18 December 2005
By STEPHEN J. DUBNER and STEVEN D. LEVITT
Published: December 11, 2005
Analyzing a Sex Survey
What is a price?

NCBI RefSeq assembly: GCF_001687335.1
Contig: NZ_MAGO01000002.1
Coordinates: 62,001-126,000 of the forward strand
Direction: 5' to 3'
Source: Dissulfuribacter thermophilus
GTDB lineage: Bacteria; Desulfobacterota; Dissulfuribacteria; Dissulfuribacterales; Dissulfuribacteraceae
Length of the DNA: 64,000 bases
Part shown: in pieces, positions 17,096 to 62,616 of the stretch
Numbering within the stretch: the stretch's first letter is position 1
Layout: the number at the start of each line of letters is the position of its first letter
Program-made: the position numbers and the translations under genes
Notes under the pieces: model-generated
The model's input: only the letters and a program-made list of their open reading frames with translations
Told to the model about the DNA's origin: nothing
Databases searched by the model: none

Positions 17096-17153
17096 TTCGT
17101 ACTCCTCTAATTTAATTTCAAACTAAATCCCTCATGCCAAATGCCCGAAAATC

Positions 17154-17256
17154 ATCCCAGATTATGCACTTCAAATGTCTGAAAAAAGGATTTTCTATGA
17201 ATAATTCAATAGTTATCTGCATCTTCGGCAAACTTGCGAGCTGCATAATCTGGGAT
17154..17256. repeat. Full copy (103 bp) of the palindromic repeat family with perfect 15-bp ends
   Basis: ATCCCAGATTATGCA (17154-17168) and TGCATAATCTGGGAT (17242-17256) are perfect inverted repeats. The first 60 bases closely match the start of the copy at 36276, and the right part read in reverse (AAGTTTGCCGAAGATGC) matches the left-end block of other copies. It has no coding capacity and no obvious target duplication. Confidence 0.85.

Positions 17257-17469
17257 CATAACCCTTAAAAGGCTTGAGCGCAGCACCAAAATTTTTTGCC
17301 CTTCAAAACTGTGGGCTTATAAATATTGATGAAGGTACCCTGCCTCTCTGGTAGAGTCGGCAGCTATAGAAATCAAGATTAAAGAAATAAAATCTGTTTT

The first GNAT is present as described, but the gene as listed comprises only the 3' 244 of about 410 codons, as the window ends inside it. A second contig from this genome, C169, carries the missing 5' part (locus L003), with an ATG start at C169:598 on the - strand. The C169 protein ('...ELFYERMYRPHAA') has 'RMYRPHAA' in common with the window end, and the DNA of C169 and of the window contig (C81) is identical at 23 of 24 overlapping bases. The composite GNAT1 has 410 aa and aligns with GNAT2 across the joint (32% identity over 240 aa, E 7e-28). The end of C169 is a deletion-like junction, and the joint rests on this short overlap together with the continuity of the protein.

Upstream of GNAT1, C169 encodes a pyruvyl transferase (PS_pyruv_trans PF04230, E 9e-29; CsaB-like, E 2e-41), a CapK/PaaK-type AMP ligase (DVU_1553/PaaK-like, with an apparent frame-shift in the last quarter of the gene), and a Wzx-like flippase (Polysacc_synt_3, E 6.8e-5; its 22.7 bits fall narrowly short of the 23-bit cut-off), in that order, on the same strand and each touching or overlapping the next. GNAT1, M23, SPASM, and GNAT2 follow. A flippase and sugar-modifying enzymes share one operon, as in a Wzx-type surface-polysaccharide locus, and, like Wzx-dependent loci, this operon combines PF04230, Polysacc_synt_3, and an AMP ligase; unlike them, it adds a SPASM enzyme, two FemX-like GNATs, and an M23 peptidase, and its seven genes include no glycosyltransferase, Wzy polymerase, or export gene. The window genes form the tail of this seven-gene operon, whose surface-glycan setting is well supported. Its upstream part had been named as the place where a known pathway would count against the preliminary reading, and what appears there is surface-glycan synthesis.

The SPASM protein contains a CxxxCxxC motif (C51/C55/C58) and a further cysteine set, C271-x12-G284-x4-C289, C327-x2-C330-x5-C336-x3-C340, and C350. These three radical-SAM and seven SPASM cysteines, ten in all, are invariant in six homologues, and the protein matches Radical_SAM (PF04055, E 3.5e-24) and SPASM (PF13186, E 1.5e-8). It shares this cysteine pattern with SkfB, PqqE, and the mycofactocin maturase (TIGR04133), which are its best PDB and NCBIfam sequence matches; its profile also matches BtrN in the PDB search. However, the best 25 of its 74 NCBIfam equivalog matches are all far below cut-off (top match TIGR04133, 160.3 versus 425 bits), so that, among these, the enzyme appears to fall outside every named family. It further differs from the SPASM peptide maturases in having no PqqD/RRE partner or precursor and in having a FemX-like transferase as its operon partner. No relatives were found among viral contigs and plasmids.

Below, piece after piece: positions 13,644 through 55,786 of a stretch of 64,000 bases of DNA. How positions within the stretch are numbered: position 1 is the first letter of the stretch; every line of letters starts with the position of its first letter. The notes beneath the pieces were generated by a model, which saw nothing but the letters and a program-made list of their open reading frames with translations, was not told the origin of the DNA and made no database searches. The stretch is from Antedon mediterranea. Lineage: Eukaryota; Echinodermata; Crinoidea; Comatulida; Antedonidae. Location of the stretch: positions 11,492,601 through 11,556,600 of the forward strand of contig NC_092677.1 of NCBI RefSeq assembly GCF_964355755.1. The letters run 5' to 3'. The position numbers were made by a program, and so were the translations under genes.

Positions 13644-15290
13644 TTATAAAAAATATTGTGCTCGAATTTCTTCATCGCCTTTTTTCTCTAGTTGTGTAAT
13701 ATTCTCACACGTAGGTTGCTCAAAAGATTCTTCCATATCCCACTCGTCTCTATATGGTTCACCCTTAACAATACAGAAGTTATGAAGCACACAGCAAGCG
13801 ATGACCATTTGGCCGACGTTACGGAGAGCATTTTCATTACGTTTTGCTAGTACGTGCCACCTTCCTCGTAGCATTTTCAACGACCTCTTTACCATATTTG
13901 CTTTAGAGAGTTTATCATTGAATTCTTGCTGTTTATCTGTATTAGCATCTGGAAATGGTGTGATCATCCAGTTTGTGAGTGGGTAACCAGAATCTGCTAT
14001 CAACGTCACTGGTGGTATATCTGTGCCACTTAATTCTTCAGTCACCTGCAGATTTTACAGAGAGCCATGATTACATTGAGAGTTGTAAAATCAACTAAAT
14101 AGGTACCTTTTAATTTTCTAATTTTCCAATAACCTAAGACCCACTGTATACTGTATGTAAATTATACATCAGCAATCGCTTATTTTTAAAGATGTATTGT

Unless you're an economist, you probably think of a price as simply the amount you pay for a given thing - the number of dollars you surrender for, let's say, Sunday brunch at your favorite neighborhood restaurant. But to an economist, price is a much broader concept. The 20 minutes you spend waiting for a table is part of the price. So, too, is any nutritional downside of the meal itself: a cheeseburger, as the economist Kevin Murphy has calculated, costs $2.50 more than a salad in long-term health implications. There are moral and social costs to tally as well - for instance, the look of scorn delivered by your vegan dining partner as you order the burger. While the restaurant's menu may list the price of the cheeseburger at $7.95, that is clearly just the beginning.....